"There was great difficulty in obtaining correct information about Hood's movements from Palmetto Station. I could not get spies to penetrate his camps, but on the 1st of October I was satisfied that the bulk of his infantry was at and across the Chattahoochee River, near Campbellton, and that his cavalry was on the west side, at Powder Springs."

On October 1, 1864, Sherman telegraphed Grant that he had located Hood's forces,  an ominous communication where he expresses his concerns about holding Atlanta and remaining on the defensive. Here Sherman sets forth to Grant the plan that will forever define him - the destruction of Atlanta, and Sherman's March to the Sea:

"Hood is evidently across the Chattahoochee, below Sweetwater. If he tries to get on our road, this side of the Etowah, I shall attack him; but if he goes to the Selraa & Talladega road, why will it not do to leave Tennessee to the forces which Thomas has, and the reserves soon too come to Nashville, and for me to destroy Atlanta and march across Georgia to Savannah or Charleston, breaking roads and doing irreparable damage? We cannot remain on the defensive."

The Confederate Army there posed not only a threat of counter-attack, but also threatened Union supply lines while they destroyed roads and railroads to the west leading to Atlanta. Sherman brought a force in the direction of the Confederate encampment, and crossed west over the Chattahoochee River on October 3-4,1864. On the morning of October 5th, Sherman arrived at Kennesaw, and saw the mass of the Confederate Army which had encamped nearby at Altoona Pass for himself:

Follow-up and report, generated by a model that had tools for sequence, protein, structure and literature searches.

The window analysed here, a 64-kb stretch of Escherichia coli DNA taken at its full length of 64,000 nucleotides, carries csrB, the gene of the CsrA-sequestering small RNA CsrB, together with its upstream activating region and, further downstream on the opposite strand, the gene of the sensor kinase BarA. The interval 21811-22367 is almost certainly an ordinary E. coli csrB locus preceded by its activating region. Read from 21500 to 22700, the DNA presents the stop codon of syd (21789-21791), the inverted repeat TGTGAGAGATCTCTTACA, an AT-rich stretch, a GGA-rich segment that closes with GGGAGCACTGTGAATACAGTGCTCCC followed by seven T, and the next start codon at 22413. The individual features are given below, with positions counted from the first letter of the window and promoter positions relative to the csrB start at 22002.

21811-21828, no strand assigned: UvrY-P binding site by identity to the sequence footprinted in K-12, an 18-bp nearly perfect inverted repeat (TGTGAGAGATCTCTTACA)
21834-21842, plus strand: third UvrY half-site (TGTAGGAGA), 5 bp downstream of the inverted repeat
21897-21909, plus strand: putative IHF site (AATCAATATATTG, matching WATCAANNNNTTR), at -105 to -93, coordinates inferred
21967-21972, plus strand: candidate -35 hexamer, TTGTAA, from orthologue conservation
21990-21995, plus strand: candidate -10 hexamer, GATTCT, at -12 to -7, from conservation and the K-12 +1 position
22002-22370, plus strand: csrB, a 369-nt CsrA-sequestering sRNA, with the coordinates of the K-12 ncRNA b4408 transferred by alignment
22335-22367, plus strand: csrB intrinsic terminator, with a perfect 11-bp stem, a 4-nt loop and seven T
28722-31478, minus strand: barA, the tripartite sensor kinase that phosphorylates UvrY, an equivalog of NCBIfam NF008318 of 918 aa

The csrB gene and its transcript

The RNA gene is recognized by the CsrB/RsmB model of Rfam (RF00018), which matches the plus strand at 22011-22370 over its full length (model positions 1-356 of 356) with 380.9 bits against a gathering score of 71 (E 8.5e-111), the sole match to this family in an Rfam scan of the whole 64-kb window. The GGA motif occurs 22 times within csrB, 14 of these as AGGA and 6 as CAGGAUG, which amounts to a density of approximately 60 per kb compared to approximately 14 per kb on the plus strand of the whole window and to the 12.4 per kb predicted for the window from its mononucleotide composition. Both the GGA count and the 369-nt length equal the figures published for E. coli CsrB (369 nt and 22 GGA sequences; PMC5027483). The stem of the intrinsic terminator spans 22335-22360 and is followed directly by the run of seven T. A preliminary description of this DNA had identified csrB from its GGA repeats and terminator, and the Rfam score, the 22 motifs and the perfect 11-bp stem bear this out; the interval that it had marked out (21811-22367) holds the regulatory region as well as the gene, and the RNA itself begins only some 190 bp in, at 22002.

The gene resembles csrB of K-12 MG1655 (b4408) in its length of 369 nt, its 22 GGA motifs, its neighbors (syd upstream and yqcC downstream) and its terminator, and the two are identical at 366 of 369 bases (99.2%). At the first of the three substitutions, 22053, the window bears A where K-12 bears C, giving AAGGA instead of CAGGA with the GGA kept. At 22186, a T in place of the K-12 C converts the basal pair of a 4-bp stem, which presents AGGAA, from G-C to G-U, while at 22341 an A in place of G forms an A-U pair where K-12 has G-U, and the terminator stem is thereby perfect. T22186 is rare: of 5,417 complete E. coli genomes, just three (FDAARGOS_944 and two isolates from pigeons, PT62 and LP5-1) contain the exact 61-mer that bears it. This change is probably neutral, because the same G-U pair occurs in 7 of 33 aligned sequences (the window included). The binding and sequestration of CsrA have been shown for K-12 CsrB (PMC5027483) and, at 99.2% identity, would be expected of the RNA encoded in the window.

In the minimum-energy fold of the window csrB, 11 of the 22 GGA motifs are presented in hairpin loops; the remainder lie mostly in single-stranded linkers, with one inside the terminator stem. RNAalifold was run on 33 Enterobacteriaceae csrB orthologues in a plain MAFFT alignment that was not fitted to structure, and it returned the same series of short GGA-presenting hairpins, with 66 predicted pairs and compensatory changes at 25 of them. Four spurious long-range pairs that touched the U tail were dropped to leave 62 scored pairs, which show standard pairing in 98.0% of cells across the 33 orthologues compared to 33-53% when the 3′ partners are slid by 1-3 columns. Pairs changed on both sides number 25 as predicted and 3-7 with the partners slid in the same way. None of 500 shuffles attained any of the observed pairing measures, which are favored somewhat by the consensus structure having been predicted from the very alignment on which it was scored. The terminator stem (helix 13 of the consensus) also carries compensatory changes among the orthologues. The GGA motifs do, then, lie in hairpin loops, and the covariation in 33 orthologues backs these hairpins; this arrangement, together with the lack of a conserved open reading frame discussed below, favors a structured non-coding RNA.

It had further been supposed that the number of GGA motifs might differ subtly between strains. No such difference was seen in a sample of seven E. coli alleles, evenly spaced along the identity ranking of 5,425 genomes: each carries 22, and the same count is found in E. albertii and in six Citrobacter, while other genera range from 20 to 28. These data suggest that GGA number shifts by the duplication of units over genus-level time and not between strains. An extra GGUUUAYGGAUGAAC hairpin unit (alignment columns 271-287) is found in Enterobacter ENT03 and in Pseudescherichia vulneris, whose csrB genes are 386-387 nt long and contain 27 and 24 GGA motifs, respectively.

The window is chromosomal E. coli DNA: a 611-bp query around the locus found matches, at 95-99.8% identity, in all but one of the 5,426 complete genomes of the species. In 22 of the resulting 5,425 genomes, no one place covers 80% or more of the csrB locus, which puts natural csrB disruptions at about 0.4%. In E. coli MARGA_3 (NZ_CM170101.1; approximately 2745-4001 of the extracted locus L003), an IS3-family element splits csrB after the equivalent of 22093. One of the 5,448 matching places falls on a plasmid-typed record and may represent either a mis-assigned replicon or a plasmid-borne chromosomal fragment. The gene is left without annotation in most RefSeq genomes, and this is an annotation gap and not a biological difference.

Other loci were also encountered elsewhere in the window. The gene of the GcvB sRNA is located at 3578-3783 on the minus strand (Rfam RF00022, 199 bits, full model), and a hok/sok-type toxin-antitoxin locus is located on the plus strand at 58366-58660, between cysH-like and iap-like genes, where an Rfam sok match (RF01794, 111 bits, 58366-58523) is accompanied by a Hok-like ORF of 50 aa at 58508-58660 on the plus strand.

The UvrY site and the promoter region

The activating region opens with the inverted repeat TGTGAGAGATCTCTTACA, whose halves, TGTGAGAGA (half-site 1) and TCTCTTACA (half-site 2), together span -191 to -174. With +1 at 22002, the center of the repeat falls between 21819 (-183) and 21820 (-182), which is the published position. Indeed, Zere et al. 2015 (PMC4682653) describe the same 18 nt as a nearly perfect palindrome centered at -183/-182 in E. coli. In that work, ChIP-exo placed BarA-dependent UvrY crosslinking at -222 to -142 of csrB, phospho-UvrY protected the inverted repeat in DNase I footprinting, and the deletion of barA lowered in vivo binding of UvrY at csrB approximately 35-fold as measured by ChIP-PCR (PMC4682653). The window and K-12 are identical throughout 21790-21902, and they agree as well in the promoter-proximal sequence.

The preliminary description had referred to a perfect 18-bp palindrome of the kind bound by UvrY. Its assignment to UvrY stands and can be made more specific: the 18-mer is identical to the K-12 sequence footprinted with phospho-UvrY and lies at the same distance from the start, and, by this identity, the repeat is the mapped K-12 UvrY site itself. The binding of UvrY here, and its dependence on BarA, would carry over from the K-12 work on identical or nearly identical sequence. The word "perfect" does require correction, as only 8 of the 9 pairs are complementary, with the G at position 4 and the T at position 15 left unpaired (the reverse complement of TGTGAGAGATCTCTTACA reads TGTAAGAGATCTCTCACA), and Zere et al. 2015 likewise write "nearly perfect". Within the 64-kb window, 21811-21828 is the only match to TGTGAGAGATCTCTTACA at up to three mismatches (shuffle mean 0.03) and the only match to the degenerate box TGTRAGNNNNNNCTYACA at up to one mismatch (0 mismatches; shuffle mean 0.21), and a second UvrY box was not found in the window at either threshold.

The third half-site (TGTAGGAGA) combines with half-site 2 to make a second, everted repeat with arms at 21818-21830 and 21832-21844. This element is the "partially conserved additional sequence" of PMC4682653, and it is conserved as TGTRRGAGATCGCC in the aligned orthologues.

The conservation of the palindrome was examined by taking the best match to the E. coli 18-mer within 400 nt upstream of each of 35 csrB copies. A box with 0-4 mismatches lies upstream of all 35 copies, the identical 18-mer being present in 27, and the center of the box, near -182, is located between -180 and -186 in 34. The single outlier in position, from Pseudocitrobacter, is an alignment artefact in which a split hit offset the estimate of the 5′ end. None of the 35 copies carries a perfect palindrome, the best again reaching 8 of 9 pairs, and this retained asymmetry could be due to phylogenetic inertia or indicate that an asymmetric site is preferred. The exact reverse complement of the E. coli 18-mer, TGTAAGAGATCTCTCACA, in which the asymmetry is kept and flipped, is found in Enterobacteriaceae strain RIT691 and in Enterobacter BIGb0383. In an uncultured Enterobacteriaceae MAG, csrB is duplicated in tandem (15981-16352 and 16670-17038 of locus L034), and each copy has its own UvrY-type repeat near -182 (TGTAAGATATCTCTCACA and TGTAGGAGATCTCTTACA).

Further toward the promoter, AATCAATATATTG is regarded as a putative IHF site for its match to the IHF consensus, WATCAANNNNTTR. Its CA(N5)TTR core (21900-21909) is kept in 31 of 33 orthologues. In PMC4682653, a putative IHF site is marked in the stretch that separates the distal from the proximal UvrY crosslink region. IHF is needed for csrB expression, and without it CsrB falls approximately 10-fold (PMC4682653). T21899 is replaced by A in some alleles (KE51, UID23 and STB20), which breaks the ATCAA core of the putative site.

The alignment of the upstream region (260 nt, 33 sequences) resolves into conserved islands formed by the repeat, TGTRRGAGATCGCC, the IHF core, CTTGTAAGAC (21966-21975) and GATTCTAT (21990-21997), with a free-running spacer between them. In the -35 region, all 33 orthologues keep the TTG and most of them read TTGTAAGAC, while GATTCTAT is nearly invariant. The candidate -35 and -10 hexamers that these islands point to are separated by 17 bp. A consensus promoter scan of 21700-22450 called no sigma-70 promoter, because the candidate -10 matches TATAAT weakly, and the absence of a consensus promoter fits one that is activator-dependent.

"Reaching Kennesaw Mountain about 8 a. m. of October 5th (a beautiful day), I had a superb view of the vast panorama to the north and west. To the southwest, about Dallas, could be seen the smoke of camp-fires, indicating the presence of a large force of the enemy, and the whole line of railroad from Big Shanty up to Allatoona (full fifteen miles) was marked by the fires of the burning railroad. We could plainly see the smoke of battle about Allatoona, and hear the faint reverberation of the cannon." 

Sherman ordered an attack against the Confederate position, and the bloody October 5, 1864 Battle of Altoona Pass commenced.  On November 12, 1864, Sherman would order the destruction of Atlanta, and three days later, on November 15, began his infamous March to the Sea.

Brigadier General John McArthur was born in Erskine Scotland. He led "McArthur's Brigade, the 2nd Brigade, 2nd Division of the Army of the Tennessee at the Battle of Shiloh where a large monument in his honor remains on the battlefield today. McArthur is credited with having fought at Fort Donelson, Shiloh, Vicksburg, Nashville, and Fort Blakely. He also commanded the 6th Division, XVIII Corps and 1st Division, XVI Corps of the Army of the Tennessee. McArthur, who was in Eastern Tennessee at the time, was among those ordered  to reinforce Sherman in Atlanta, as this document proves, but his participation remains uncredited.